Ministry of Agriculture
The extremely hot and dry weather and minimal rainfall this week continues to cause crops to rapidly advance their developmental stages. Currently, 36 per cent of the fall cereals, 29 per cent of the spring cereals, 25 per cent of the oilseed crops and 30 per cent of the pulse crops are ahead of their normal stages of development for this time of year. The majority of crops this week are in poor to good condition.
The prolonged period of heat, coupled with the extremely dry conditions of the topsoil, has caused crops to be short, thin and impulsively advancing in many regions of the province due to the stress. Without a significant rainfall, many crops throughout the province will have their yields and quality severely impacted.
The topsoil moisture levels across the province also continue to decrease. Cropland topsoil moisture is rated as 14 per cent adequate, 41 per cent short and 45 per cent very poor. Hay and pasture land is rated as nine per cent adequate, 36 per cent short and 55 per cent very short.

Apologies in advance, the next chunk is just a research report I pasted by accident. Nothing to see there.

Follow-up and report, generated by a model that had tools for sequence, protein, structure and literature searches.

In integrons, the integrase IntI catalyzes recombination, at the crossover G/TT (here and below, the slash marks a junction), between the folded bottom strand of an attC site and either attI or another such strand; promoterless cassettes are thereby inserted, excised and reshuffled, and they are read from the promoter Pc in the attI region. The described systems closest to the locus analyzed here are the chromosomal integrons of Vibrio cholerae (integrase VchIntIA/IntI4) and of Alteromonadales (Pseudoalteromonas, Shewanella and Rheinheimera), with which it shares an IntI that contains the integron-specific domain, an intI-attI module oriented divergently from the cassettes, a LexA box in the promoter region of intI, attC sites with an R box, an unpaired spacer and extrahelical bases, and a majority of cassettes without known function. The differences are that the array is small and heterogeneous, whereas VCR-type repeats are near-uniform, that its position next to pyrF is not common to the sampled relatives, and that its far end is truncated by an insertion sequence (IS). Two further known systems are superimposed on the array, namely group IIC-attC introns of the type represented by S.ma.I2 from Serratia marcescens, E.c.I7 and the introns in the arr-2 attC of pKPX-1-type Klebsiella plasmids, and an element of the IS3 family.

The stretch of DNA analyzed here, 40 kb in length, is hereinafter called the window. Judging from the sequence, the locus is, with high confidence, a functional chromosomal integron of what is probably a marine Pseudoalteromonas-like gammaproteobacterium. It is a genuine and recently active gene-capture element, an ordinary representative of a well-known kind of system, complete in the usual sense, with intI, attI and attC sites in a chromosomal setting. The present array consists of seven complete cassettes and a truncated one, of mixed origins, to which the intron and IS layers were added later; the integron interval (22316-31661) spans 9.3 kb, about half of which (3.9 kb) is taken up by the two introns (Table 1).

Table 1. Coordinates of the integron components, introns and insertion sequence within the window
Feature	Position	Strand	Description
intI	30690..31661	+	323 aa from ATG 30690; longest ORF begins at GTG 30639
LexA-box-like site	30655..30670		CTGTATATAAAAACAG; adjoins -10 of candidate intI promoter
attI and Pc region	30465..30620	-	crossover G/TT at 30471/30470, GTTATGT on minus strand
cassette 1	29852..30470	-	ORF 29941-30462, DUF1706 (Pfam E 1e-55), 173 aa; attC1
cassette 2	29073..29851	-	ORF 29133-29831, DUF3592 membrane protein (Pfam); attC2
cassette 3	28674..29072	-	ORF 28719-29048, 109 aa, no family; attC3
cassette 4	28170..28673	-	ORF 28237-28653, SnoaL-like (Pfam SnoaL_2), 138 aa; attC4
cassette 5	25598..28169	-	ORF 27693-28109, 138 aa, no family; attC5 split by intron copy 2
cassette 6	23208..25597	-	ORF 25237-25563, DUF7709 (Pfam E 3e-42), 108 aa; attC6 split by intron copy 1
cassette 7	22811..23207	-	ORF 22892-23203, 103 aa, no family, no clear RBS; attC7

Rainfall this past week ranged from nil to 64 mm in the Foam Lake area. Scattered thunderstorms across the province provided a range of precipitation with some areas receiving more than others. The Odessa, Mossbank and Humboldt areas received 32 mm, the Radville and Rockglen areas 29 mm and the Avonlea area received 22 mm.
The rainfall this week did little to delay producers from their haying operations. Livestock producers now have 26 per cent of the hay crop cut while 39 per cent has been baled or put into silage. Hay quality is rated as four per cent excellent, 48 per cent good, 33 per cent fair and 15 per cent poor.
The Ministry of Highways would like to remind producers that grass is available, at no cost, for haying in highway ditches and rights of way. Since July 8, producers have been able to harvest any unclaimed hay without seeking permission of the adjacent landowner.
In the southern and central regions, hay in the ditches along secondary and rural highways is available on a first-come basis. Bales must be removed before August 15.